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Craft Brewery CEO Sued for Misappropriating $100M

The CEO said she was blindsided.

For those who haven’t been, the rolling hills and valleys of southwestern Wisconsin combine with wide swaths of lush farmland to create a uniquely beautiful landscape. And sitting as a perfect example of this blend of small towns and dairy farms is the village of New Glarus.

With a population of about 2,000, local pride resonates primarily from two areas: its Swiss ancestry and the local craft brewery.

Perhaps best known for its Spotted Cow offering, although I’m more preferential to the seasonal Staghorn, New Glarus Brewery employs about 120 people.

Co-owned by Deb Carey and her husband Dan, who is also the head brewmaster, the company was founded by the couple in 1993. It has since grown to become the 12th largest craft brewer in the U.S, with annual sales in the ballpark of $20 million.

However, recent allegations are casting some dark clouds over the company’s success. According to a report from, a handful of brewery shareholders, led by three original investors, are suing the company’s CEO, Deb Carey. 

At the heart of their suit are allegations that basically accuse Carey of being less than transparent about the company’s financials. This includes the establishment of the Sugar River Distillery, which was designed to be owned by the brewery, but Carey transferred ownership to her and her husband without notifying stockholders.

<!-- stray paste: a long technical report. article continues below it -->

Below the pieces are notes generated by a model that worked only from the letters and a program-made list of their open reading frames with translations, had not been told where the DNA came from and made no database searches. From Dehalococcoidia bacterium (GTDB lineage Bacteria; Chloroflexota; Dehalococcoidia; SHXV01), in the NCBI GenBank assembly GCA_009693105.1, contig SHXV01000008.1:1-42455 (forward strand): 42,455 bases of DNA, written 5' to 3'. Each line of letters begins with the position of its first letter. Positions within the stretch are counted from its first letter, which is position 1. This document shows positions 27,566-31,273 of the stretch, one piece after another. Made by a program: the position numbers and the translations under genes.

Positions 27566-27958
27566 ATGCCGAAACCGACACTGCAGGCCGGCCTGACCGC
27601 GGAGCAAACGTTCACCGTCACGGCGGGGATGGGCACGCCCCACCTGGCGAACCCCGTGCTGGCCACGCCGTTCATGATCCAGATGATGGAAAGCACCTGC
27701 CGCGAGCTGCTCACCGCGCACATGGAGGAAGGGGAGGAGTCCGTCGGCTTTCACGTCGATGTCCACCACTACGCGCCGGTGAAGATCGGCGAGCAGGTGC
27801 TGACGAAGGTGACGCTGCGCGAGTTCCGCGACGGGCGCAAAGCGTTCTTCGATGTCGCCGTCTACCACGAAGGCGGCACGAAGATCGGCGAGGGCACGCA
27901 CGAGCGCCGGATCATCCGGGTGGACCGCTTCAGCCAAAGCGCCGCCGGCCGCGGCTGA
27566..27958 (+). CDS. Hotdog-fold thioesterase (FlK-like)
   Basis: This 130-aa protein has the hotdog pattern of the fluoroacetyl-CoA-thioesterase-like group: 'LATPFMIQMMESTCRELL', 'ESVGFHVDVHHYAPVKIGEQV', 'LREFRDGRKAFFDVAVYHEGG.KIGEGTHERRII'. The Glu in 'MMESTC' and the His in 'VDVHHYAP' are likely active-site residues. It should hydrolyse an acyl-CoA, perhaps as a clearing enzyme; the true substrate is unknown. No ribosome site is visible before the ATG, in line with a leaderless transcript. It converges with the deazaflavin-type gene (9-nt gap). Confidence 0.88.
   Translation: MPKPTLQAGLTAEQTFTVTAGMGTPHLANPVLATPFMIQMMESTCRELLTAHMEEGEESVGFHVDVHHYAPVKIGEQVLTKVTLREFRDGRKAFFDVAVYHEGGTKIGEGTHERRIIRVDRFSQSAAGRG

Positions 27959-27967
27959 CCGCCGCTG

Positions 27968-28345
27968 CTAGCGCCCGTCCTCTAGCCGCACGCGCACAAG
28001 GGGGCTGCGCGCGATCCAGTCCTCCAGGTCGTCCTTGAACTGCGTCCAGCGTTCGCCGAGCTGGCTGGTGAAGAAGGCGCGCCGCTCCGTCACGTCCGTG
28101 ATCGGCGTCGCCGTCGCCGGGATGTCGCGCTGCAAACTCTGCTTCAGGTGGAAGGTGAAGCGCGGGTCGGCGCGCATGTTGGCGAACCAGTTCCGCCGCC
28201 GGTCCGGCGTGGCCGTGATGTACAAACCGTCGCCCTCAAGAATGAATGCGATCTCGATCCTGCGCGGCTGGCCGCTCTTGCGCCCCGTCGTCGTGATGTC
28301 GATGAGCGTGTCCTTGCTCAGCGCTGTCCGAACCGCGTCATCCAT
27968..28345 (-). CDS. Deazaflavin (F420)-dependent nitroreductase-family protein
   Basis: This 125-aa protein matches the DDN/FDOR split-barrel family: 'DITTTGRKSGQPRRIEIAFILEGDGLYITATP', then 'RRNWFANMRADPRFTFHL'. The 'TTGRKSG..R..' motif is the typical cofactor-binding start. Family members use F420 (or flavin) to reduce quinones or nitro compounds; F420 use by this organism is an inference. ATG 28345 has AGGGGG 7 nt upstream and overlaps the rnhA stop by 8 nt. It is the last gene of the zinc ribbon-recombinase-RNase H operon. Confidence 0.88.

In case you were wondering, the company does have a board of directors, but Carey is the only member.

The suit also claims that New Glarus Brewery retained, as opposed to distributed, over $100 million in earnings, including over $40 million in cash. It’s alleged that the Carey’s used large portions of these funds for their own wants, as opposed to re-investing in the business or sharing with stockholders.

Deb Carey is also being accused of using brewery money to buy minority shareholders’ voting shares at lower values in order to retain her majority.

According to Carey, in a report by Wisconsin Public Radio, she was blindsided by the lawsuit and sees it as retaliation for her decision to not lay off employees or seek PPP funds over the last year. Essentially, she contends, that because stockholders didn’t see dividends at the level that they could have, they’re now suing.

It’s worth noting that those three stockholders’ initial $25,000 investments would now be worth upwards of $10 million. The company’s net value is estimated at about $200 million.

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